Several years ago, my pastor said this, “Many Christians follow Jesus just enough to make their lives miserable.”
Years later, after thousands of sermons and podcasts, his words haven’t left me. You see, you can pursue the American Dream and Jesus. But your life won’t be much fun.
Have you ever tried giving your heart to two things at once? I remember trying to date two girls at the same time. I was in middle school, eighth grade, I think. It worked out well for a day or two. Then day three happened; no further commentary necessary.
Have you ever known someone who could make this work, devoting time and energy to two people? I haven’t, not without some form of manipulation or fear.
Yes, you’re wired to give your heart fully to one thing, your Creator. And God, in his crazy deep, indescribable mercy, gives you freedom. You’re free to pursue exclusivity with other things. Job. Romance. Money. Family. Status.
But you won’t find Life there.
And here’s the crux. Most of these “other” pursuits aren’t inherently evil or wrong. Some are, certainly, but most aren’t. Money, for example, is neither good nor bad. Yes, it can easily become a cheap substitute for our foundational needs, identity, security, and hope. That’s probably why Jesus talked it more than any other topic, even more than current trendy topics like homosexuality and President Trump. But you can have money without making it your god.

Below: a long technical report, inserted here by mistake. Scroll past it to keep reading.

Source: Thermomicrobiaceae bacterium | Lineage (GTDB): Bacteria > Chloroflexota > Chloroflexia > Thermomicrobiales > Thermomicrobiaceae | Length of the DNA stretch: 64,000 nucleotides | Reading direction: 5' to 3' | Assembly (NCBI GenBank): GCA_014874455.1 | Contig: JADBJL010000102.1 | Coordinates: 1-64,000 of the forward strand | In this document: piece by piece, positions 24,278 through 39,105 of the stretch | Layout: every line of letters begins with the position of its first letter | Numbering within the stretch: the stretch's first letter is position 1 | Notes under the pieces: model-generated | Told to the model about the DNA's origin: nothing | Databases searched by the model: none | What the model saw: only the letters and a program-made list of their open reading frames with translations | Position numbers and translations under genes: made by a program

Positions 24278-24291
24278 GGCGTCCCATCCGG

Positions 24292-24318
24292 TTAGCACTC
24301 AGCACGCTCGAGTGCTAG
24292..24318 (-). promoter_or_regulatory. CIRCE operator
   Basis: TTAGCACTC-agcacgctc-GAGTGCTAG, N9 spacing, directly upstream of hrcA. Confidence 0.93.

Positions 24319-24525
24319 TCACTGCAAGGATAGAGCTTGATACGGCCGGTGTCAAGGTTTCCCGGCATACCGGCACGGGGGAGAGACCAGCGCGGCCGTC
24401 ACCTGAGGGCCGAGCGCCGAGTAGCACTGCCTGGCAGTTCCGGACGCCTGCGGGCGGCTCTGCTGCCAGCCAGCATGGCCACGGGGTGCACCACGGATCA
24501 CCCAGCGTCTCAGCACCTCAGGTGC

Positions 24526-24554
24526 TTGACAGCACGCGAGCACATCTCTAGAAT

The same can be said for romance, family, image and the Star Wars franchise. These are tempting substitutes for God because they offer to fill (temporarily) our core needs, the ones God is supposed to fill.
Your heart’s greatest desire reveals your god
Jesus wasn’t interested in scaring or shaming people. He also didn’t force feed his listeners with ego-satisfying, black-and-white answers. Instead, he called people to the heart, to prayer and discernment.
In Matthew 6:21, for example, Jesus says, “Where your treasure is, there your heart will be also.” In Mark 6:21, Jesus addresses the Pharisees with these words, “For from within, out of a person’s heart, come evil thoughts, sexual immorality, theft, murder…All these things come from within; they are what defile you.”
So, it’s appropriate to ask. What’s your heart’s greatest desire? To who or what do you give your allegiance? What do you sacrifice your time and money for? Your energy, who or what receives it? To cut through the self-centered pursuits, you must ask these questions.
This sucks, I know. I wish there was an easier way. If you find one, shoot me an e-mail. I’m not going to wait around, though. Let’s keep moving.
The American Dream as a clever disguise for following Jesus
If God created you for exclusivity, then we must discuss the greatest challenger, the American Dream.
For most Americans, the pursuit of upward mobility and finding your identity in what you do or accomplish will be your greatest threats to exclusivity with Jesus.
I must admit, much of my life has been devoted to this god. For many years, I thought God helped those who helped themselves. Then, I mysteriously developed Chronic Fatigue Syndrome. And suddenly, my bootstraps disappeared, leaving me nothing to pull myself by.
Work hard, yes. Be grateful for America’s freedoms. Understand, however, that the American Dream will not give you an abundant life.
Usually, you need the ladder to break (as well as a few prideful bones) before you start seeing it for what it is. Chronic Fatigue meant rendered my achieving futile. I lost contact with people I thought to be friends. I lost my identity. I began to question God.